Sometimes employees want to get involved in an advocacy programme but are afraid to put themselves out there on social media.
These fears – which happen for a variety of reads – can then hold them back in their role, and hinder their ability to connect with others in their industry. And it could reduce the effectiveness of your advocacy programme if enough employees are inactive because of their fears.
You’ll never get every employee to post on social media. Some people just aren’t interested in using it, or in using to for business purposes, and that’s ok.
What you need to do is separate those who are afraid to post from those who just don’t want to.
Send A Questionnaire
The easiest way to find out about employees’ attitudes to social media is to ask them. Do they want to post on it more but don’t know where to start? Are they just not interested?
Don’t make the questions too complicated or overwhelming. You can always ask for more depth if someone answers vaguely, or you can create different branches to the questionnaire.
For instance, if someone is uninterested in being part of an advocacy or social selling programme, their time is better spent on what’s working for them now than in answering questions about social media.
If, on the other hand, their reluctance comes from fear, there’s more room to ask questions that can help you find the cause of the problem.
Figure Out What They’re Afraid Of
Everyone is afraid of something, and for some people, that includes posting on social media. It could be that they don’t want to put themselves out there for personal reasons. Or it could be that they dislike being the centre of attention and feel ‘showy’ or narcissistic when they do it. They may worry about what other people will think of them when they post.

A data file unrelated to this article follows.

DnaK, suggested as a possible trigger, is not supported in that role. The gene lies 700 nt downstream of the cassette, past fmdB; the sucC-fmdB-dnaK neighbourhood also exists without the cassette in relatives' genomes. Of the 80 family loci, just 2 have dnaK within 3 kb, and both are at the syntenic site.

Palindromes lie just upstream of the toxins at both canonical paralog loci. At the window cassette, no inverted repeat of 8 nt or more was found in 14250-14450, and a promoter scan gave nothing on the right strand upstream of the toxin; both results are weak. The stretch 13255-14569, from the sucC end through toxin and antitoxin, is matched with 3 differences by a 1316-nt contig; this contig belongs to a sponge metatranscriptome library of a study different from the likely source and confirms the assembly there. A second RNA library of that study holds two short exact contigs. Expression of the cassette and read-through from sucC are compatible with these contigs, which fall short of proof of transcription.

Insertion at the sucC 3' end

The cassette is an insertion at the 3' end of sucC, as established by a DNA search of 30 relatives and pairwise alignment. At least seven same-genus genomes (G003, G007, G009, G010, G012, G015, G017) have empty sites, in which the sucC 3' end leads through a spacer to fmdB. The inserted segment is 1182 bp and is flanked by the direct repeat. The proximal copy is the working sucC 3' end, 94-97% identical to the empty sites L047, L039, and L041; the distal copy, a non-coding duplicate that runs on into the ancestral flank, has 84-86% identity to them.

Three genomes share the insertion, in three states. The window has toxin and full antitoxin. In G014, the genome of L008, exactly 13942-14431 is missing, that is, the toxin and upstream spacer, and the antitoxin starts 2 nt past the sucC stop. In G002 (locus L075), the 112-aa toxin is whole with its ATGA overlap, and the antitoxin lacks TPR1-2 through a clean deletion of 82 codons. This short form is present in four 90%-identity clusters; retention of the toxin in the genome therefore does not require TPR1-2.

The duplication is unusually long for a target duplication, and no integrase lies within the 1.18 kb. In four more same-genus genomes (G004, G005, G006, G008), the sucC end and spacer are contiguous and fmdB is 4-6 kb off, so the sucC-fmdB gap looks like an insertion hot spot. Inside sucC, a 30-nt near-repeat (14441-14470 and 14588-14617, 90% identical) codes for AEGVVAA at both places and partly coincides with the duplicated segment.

One way you can reframe it for them is to talk about how social media isn’t about bragging – although there will always be some people who use it for that – it’s a tool which can be used to help people.
So instead of them seeing social media as a place to attract unwanted attention, they could see it as a way to help people within their community solve their problems.
Getting involved with, and creating, conversations with those who have similar interests and backgrounds is where its real power comes in.
Another thing they may be afraid of is getting it wrong. If the company has recently introduced a new social media programme, or the employee is new, unclear information, or the fear of getting it wrong, is another thing that can really hold employees back.
Remember The Past
Employees who’ve been at the company for a long time may still be following an outdated social media policy. Usually these involve something along the lines of ‘don’t post on social media during work hours and don’t talk about your job’.